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Experts discuss City of Austin's search for new police chief

It's a search that will also involve an independent firm, Ralph Andersen & Associates, to help lead the recruiting process.

AUSTIN, Texas — Austin City Manager Spencer Cronk announced Monday morning that Assistant Austin Police Chief Joe Chacon will serve as the City's interim Austin Police Department chief during a national search for a permanent replacement for Chief Brian Manley

It's a search that will also involve an independent firm, Ralph Andersen & Associates, to help lead the recruiting process.

Overall, the City laid out the timeline for selecting a chief like this: 

  1. Project Management & Candidate Profile Development (March/April)  
  2. Outreach and Recruiting (April/May/June)   
  3. Selection (July/August)  

Some experts say it may prove to be a tight turnaround for the City, but are optimistic that the selection will be made. 

"That is fast. But there may be, in other words, there may be such focused attention on this," said Jesús Garza, a former Austin City Manager to KVUE on Monday. "There's so much interest on this position that they'll be able to pull that timeline off, and I would only say that that we ought to look at that as a guidepost, that's a goal. But I think what we really want and I know what the manager wants and what the mayor and council want is they want the very best possible person to be selected to be the chief of police."

RELATED: Assistant Austin police chief named as interim chief amid national search to replace Brian Manley

One main topic, some experts say, which may impact how the city manager makes the selection is taking into account the protests over racial injustice and controversial shootings by police last summer.  

Coinciding with those topics includes fixing up ties with some communities who may have lost a sense of trust with the current police department. 

"The APD has struggled in recent months with bringing back former partners to the table, particularly within minority communities in Austin who have felt that they have not been heard," said Michael Sierra-Arévalo, a professor with the University of Texas at Austin's Sociology Department. "So the city manager is likely going to be looking for somebody that can rebuild those bridges between people that have felt unheard by the APD."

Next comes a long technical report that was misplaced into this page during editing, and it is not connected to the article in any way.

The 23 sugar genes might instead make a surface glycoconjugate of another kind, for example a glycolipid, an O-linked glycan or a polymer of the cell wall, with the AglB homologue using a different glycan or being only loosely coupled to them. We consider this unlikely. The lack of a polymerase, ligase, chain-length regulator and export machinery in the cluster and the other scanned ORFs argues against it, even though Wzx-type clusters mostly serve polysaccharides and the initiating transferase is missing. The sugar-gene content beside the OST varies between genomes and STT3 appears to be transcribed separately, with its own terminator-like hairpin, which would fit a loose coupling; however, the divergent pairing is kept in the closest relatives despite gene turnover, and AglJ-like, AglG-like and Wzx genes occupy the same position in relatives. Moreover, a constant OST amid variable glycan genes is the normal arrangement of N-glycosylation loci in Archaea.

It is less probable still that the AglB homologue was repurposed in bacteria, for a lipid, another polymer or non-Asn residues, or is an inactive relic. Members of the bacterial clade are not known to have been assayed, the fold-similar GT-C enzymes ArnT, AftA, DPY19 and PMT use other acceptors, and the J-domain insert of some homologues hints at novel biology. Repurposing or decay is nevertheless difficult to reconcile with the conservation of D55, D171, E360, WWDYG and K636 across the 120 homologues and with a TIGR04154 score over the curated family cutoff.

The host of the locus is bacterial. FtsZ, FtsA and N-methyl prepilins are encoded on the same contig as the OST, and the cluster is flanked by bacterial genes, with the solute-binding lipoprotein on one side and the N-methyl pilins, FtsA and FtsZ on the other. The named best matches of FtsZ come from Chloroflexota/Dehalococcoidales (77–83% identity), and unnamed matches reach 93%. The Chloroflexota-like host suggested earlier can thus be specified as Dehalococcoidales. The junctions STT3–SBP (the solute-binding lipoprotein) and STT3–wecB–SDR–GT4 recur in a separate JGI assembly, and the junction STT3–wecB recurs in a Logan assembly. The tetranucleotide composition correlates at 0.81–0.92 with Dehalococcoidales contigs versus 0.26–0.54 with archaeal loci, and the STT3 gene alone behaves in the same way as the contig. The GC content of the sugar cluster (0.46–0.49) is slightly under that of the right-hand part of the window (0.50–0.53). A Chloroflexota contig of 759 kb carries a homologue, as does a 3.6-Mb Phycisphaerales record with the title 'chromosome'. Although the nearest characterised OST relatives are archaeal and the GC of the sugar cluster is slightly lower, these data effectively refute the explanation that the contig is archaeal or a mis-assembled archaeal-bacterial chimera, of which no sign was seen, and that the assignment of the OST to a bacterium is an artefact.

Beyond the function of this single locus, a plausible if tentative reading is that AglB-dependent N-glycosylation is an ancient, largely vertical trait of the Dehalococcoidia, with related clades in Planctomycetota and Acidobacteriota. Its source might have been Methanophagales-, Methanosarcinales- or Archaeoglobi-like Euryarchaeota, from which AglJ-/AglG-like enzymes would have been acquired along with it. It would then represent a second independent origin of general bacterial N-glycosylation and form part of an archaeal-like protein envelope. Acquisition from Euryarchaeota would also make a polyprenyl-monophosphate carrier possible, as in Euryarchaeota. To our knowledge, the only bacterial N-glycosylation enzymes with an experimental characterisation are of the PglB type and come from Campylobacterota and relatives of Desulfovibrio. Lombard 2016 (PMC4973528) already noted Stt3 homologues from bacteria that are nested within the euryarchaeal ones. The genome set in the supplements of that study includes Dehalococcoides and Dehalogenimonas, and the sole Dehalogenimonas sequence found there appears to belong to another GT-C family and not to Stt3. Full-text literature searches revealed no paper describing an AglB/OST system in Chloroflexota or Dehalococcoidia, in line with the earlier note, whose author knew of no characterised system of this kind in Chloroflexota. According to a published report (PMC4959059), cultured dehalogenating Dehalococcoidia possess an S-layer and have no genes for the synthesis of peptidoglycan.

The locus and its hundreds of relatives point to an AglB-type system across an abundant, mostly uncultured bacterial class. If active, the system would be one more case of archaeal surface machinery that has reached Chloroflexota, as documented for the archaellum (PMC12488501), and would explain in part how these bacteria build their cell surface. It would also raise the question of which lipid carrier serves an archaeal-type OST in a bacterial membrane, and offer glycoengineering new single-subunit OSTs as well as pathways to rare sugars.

Sierra-Arévalo is also a commissioner on the City of Austin's Public Safety Commission

Credit: FILE

Another issue Sierra-Arévalo said that a new chief would have to tackle is what he describes as a restricted APD budget, referring to the Austin City Council's desicion to re-allocate up to $150 million away from the APD budget last year. 

RELATED: VERIFY: Has the reduced Austin police budget affected the city's homicide rate?

"That's a very unique problem that Austin is dealing with. While other cities have decided to increase their police budgets, even though there's been a great deal of public outcry for a reduction in police budgets, that's a problem that's happening here in Austin right now. It's happening. So a chief needs to be able to address that," Sierra-Arévalo said. 

Overall, Sierra-Arévalo said he hopes to see change come from a new chief, but Austinites shouldn't expect immediate change to happen overnight. 

"I hope, as somebody that cares about issues like that, there will be positive change in terms of the culture of the department, in terms of racial disparities in policing. But it would be, frankly, unfair to pin our hopes and dreams of this change happening on a single police chief," Sierra-Arévalo said. 

But another big question mark is where the new chief could be selected from.

While Brian Manley came from within APD, the person before him, Art Acevedo, came from out of state. 

"Police departments in the United States are very similar. They have similar procedures, yes, similar selection, training procedures, the things the police officers do out on the street are very similar," said Bill Spellman, a professor with the University of Texas at Austin's LBJ School of Public Affairs. "So if we got a police officer from a police chief candidate from Seattle, Washington, or Gainesville, Florida, they're going to know enough about what it is the cops do in Austin, Texas."

Spellman added that he wouldn't be surprised if there would be a few candidates from outside of the country. 

"So it's a fairly portable job. It also turns out to be fairly portable outside the country. Canadian police officers, British police officers, Australian and New Zealand police officers have very similar things that they know how to do, and they behave in very similar sorts of ways. So I wouldn't be too surprised to find a good candidate from out of the country," Spellman said.

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